Back in September my oldest daughter and I were listening to the news in the car when we heard about Tiana Parker. A seven-year-old excluded from school for lacking ‘presentable’ hair. We learned that little Ms. Parker’s ‘unpresentable hair’ was dreads and my daughter became enraged.
“Mom! That is totally unfair! Who would think that? Why would they do that to her? What are they afraid of?”
The question – one that my ten-year-old was savvy enough to ask – centered around fear. What ensued in the car was another conversation about race, and how that influences perception. Understanding and valuing only one set of cultural values will lead to dismissing and voiding another’s. Dreads as part of black culture, my daughter gets, its part of her cultural history. To hear that a school would not value her cultural identity left her unsettled. Over the next few days we talked more about Tiana and when she ultimately left her school and enrolled in another school my daughter was pleased.
Fast forward a bit and for the first time in a long while, my daughter had her hair braided. She was thrilled and proud when I sent her to school the next morning. When I picked her up at the end of the day she looked tired.
“What’s up?” I said casually.
“Mom, all anyone wanted to do was touch my hair. I was petted and poked at all day.”
Let me say that she attends a diverse school. And while this had happened at her old mostly white school when her hair was braided, I had not anticipated this same experience. Mostly it was classmates and friends who had never been up close and personal with cornrows and so felt the need to touch – repeatedly. It left me speechless – what is it about black hair that leads to the violation of personal space? And what is it about black hair that defines for others what is presentable and what is not?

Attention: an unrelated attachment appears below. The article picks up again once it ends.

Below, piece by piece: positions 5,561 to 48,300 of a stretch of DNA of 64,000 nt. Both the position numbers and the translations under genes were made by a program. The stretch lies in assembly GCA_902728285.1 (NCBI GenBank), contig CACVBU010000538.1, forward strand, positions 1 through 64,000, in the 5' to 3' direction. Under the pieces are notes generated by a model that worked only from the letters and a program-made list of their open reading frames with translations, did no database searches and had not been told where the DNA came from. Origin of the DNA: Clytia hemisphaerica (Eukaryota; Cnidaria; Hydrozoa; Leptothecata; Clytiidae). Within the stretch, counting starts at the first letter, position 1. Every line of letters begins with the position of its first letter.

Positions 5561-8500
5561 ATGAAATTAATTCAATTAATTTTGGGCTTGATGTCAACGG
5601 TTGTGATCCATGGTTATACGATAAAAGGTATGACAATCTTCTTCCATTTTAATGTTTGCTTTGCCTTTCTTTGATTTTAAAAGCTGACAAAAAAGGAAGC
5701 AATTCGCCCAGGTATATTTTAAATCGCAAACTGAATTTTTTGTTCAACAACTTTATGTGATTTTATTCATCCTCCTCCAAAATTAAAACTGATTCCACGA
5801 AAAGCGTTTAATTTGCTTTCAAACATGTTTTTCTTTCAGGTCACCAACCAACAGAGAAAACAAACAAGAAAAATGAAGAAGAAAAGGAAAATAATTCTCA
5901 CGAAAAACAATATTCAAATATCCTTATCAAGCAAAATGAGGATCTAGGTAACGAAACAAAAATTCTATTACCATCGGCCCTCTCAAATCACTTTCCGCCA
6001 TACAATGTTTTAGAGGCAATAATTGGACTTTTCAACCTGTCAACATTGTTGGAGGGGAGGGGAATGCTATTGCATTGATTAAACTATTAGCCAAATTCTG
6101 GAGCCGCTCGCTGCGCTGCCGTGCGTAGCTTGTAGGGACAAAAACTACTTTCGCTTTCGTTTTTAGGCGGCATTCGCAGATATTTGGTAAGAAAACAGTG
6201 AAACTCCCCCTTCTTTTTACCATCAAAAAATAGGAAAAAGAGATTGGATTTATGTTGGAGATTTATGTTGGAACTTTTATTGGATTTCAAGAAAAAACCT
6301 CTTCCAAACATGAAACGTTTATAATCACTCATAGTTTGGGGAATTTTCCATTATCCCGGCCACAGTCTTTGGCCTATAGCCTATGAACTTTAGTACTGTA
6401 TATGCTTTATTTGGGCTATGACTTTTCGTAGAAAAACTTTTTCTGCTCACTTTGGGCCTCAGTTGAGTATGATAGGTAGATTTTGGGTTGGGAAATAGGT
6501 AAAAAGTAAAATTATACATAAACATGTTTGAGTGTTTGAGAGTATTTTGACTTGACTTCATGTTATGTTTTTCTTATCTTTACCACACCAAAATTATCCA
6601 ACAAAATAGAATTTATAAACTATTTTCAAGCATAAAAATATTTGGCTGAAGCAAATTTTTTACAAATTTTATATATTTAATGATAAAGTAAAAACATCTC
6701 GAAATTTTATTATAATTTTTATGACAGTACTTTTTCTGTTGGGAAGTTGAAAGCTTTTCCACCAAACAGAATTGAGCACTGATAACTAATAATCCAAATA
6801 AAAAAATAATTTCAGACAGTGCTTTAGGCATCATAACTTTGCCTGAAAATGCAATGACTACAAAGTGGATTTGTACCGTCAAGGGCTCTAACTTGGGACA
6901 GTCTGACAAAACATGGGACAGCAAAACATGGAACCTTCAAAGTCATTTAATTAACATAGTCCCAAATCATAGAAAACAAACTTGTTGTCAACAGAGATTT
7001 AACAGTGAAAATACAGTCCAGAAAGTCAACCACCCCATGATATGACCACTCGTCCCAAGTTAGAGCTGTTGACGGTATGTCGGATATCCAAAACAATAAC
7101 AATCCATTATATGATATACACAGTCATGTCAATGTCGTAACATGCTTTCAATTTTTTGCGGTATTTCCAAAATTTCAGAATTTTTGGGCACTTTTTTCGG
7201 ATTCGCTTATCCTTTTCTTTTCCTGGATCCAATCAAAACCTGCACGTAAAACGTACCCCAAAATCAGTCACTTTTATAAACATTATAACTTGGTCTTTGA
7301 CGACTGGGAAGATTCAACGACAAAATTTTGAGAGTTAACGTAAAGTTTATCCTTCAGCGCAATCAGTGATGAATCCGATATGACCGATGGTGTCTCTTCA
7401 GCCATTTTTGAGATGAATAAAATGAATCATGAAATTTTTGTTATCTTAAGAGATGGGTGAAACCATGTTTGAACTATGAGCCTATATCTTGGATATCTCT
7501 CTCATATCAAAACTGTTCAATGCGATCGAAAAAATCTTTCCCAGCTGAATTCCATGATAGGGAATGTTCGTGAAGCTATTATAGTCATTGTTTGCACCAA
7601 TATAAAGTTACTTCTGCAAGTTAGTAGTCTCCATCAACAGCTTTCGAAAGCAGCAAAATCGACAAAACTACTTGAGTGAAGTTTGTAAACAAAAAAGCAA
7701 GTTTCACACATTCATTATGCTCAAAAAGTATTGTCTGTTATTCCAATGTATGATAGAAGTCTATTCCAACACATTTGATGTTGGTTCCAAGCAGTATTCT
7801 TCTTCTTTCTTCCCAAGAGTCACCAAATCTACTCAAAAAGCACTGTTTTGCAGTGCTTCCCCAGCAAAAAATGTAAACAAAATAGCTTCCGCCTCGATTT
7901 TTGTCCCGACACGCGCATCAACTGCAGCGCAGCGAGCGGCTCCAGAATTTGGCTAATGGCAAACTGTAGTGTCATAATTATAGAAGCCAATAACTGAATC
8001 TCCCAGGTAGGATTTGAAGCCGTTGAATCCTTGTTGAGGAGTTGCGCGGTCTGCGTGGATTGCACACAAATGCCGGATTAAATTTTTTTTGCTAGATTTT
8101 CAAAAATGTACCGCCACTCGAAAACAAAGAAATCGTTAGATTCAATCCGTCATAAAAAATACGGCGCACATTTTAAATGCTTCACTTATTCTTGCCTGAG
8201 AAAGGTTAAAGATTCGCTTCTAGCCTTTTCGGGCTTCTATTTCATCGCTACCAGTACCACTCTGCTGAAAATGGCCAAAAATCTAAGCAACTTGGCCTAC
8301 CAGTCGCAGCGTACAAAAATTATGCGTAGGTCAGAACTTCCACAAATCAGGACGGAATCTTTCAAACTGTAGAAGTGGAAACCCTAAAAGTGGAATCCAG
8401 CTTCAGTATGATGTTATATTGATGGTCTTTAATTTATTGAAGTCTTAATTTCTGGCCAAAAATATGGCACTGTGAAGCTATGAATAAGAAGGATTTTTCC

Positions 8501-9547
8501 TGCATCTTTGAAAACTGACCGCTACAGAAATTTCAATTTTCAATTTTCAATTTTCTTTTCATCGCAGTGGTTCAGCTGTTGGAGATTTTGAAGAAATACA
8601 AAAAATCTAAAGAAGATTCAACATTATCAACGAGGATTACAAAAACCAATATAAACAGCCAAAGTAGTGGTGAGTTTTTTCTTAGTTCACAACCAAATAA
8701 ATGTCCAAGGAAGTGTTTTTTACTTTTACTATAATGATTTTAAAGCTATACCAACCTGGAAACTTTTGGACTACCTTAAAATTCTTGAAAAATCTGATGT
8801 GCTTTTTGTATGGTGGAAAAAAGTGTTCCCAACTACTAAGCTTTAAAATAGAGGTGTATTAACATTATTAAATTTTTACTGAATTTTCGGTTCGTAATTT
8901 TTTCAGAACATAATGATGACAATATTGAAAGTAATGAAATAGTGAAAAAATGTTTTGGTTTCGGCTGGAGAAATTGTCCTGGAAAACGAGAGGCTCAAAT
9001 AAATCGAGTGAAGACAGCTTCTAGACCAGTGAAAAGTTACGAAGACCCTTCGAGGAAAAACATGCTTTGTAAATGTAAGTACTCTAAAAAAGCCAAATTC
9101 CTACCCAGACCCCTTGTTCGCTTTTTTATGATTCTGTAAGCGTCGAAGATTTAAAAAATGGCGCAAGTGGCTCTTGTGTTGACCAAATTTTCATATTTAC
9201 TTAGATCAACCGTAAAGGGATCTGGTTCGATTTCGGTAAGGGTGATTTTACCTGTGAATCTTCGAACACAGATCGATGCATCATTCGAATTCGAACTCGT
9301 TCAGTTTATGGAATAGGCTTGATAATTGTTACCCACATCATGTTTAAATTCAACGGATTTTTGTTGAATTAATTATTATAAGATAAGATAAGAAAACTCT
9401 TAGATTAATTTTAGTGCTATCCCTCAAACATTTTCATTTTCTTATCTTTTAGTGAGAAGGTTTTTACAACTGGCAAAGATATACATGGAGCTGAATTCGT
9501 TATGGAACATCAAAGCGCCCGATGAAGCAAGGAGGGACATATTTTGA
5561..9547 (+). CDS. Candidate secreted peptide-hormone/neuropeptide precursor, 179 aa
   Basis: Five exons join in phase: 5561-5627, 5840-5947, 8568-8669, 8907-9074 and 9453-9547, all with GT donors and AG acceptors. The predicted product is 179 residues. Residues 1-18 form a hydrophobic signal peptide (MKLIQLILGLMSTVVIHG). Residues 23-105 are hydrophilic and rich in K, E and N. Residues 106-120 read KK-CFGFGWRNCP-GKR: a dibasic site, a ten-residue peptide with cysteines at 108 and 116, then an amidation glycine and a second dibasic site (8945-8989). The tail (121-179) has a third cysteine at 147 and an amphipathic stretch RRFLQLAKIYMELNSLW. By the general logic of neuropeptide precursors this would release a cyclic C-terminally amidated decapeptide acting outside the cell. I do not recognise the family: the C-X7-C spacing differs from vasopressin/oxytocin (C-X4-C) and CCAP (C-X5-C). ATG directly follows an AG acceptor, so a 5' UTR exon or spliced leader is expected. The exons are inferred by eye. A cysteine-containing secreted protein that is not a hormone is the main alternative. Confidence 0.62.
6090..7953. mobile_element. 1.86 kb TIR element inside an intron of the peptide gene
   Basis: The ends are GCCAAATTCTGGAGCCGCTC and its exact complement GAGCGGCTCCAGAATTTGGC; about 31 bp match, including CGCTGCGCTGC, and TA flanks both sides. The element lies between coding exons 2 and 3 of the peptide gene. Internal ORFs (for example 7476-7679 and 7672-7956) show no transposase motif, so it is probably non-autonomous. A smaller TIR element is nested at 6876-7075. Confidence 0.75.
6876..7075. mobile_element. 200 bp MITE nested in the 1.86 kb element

In a recent issue of Essence this exact debate was featured in “The Great Hair Dilemma.” This polarizing conversation not only occurs between white and black cultures, but also inside the black community. Debated in this fascinating interview is why today we still pass judgment based on hair alone. The two women interviewees debated whether someone is accepted, commended, or promoted based on how they wear their hair in a mostly white work environment. But the Tiana Parker situation proves that it is not only happening in the corporate world, it is happening in our schools.
Much of what occurred with my daughter was curiosity – that is part of the learning process. Kids are kids and will investigate new things, even when it’s on their friend’s head. But, what happens when it goes too far and becomes ‘othering’? When children of color, and adults in the workplace began to feel like outsiders just for being who they are culturally?
Oh, and did you see this cultural experiment? It’s Endia Beal’s “Can I touch it?” project featuring middle-aged white women in a corporate context who received black hairstyles. It serves to bridge the experience gap between white and black culture via a stumbling block for so, so many – hair.